When Mom was a little girl with too much on her shoulders—”more than any child should have to deal with, you’ve got it so easy”—her house burned twice. Two summers in a row. Or that’s how I heard it. The walls started seeping smoke. She dreamed of popcorn before waking to find the crackling was the paint searing off of the front porch. She screamed before the smoke choked her. Mom corralled her parents and little siblings to safety—and bug bites.
In the year between burns Mom believed she was safe. Lightning doesn’t strike twice, she thought. But she was wrong because anything can happen to anyone. Again she woke in the night, flames tearing at her home. How could she sleep again?
Mom sleepwalks and sleep talks with nothing nice to say. Between marriages, Mom begged every last one of us to sleep with her, “Just another body in bed, please.” When her doorbell rang at midnight, a neighbor boy having a crisis, Mom drew a gun from the nightstand, sleeping with it drawn for days after. It took me hours to convince her to at least keep the safety on. In short, Mom’s house burned twice because anything can happen to anyone, and to forget that is to let yourself burn.
So by five I had a plan. My room was upstairs in the rickety farmhouse. My escape route: a double-decker wrap-around porch going green with mold, in need of a power washing that would never come. My big sister, twelve years older, promised I’d be safe. Anything can happen to anyone, but she had the fastest legs at the high school, and when she set her jaw, the world would bend to her will. She said I’d be safe, and I knew it was true. We walked on the second story of the porch, plotting. She sat me on the railing and pointed. “I’ll jump down first. Then I’ll catch you.” She spread her arms wide to show me how easy she’d make it; from flames to her embrace, I could see it happening, knew it would. “You’ll be okay. But will you be brave enough to jump?”
When Mom was a little girl, she jumped off the roof. It was before the first burn. She jumped again and again, each time with an umbrella that would soon be torn and smashed. She jumped, hoping to fly. Grandpa thought she’d lost her mind. Come spring, they had to buy new umbrellas.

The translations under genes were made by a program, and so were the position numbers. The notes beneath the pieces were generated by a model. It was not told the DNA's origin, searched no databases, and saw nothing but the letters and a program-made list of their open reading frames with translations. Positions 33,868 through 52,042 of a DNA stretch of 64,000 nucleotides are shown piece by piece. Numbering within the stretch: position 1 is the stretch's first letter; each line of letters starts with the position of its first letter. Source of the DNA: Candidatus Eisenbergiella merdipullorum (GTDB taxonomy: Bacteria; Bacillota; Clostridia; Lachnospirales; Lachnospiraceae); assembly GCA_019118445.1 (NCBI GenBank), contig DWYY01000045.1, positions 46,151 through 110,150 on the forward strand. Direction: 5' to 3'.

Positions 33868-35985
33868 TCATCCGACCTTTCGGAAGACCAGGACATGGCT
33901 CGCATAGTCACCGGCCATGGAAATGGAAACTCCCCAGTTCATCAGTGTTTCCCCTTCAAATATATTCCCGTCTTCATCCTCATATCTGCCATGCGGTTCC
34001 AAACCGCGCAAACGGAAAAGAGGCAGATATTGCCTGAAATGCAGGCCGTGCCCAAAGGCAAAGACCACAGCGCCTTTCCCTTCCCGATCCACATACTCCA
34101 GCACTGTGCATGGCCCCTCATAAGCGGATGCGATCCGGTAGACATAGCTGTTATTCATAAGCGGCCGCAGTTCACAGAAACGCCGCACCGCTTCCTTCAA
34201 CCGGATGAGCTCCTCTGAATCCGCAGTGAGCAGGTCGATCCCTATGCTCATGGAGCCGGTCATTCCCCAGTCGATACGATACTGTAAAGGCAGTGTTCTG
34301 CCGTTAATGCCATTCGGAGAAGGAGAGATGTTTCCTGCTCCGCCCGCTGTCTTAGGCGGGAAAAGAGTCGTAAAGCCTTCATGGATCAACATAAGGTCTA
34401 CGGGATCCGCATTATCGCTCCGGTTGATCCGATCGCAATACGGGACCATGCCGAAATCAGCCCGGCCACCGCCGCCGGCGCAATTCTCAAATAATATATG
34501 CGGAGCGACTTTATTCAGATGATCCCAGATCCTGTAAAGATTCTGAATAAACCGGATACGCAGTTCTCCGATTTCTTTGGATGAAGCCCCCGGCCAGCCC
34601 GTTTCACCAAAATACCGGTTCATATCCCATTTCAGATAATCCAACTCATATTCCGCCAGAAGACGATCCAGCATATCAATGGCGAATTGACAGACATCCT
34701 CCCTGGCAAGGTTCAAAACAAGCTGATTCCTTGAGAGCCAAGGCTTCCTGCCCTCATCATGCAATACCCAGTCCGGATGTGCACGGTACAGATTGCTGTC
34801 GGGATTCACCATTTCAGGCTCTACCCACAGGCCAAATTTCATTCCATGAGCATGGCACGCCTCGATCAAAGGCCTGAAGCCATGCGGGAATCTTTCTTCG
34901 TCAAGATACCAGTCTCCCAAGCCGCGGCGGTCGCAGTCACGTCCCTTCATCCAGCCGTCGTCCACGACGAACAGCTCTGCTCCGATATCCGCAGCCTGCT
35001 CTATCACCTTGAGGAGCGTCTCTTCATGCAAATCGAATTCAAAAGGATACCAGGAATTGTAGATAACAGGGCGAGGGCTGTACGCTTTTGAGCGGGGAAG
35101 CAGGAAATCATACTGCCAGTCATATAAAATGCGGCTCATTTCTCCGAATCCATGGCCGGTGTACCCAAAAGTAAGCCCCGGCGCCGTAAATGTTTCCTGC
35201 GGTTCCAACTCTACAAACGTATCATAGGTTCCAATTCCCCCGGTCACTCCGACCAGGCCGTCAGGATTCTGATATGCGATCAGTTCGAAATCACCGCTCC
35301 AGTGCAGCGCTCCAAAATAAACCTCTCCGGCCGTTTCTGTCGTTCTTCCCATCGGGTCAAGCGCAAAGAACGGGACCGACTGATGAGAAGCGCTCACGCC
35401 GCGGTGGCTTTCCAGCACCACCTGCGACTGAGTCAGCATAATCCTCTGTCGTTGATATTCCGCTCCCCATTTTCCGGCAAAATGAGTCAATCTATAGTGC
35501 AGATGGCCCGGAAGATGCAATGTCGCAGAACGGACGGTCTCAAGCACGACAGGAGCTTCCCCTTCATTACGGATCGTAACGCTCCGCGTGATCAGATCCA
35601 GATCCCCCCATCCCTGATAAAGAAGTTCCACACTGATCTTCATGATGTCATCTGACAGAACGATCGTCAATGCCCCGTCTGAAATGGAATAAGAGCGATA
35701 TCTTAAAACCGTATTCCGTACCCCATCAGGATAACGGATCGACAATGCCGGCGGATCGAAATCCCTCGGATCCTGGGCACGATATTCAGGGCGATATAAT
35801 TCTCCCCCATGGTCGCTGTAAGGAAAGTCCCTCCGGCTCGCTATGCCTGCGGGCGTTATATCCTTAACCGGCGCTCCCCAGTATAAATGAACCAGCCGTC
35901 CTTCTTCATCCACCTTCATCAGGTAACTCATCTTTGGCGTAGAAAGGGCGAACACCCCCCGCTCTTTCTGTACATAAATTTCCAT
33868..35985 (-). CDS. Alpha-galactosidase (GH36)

“Why’d you keep jumping?”
“Each time, for a second, I flew.”
Then the house burned twice because anything can happen to anyone except flight.
My big sister, sixteen, rolled the car into a ditch and couldn’t get out. When she was freed from the torn metal and returned home, I knew the fire had to come soon. Anything can happen to anyone, and if she was taken from me before the flames came, I’d be doomed. My big sister, eighteen, slept holding scissors behind a locked door because a big man had put poison in a drink to weaken her will and slow her legs. My big sister, twenty-three, emailed me every day. She couldn’t come home because she couldn’t face the sleepwalking, but she talked me through nights until I, too, could leave. My big sister, twenty-eight, had a baby girl. She never mentioned the the twice-burned house to her child.
When I was a child, I knew my house would burn, and I made plans and couldn’t sleep. I sang “Stop Drop and Roll” through the night, waiting. Now when we all go home to visit, Mom and I are the last to bed. We stand in the kitchen like actors waiting for our cue. It will come, we’re sure. Eventually, the night gets hazy, and Mom talks about being small and the smoke and how much her shoulders ache.
Image: “eppny” by woodleywonderworks, licensed under CC 2.0.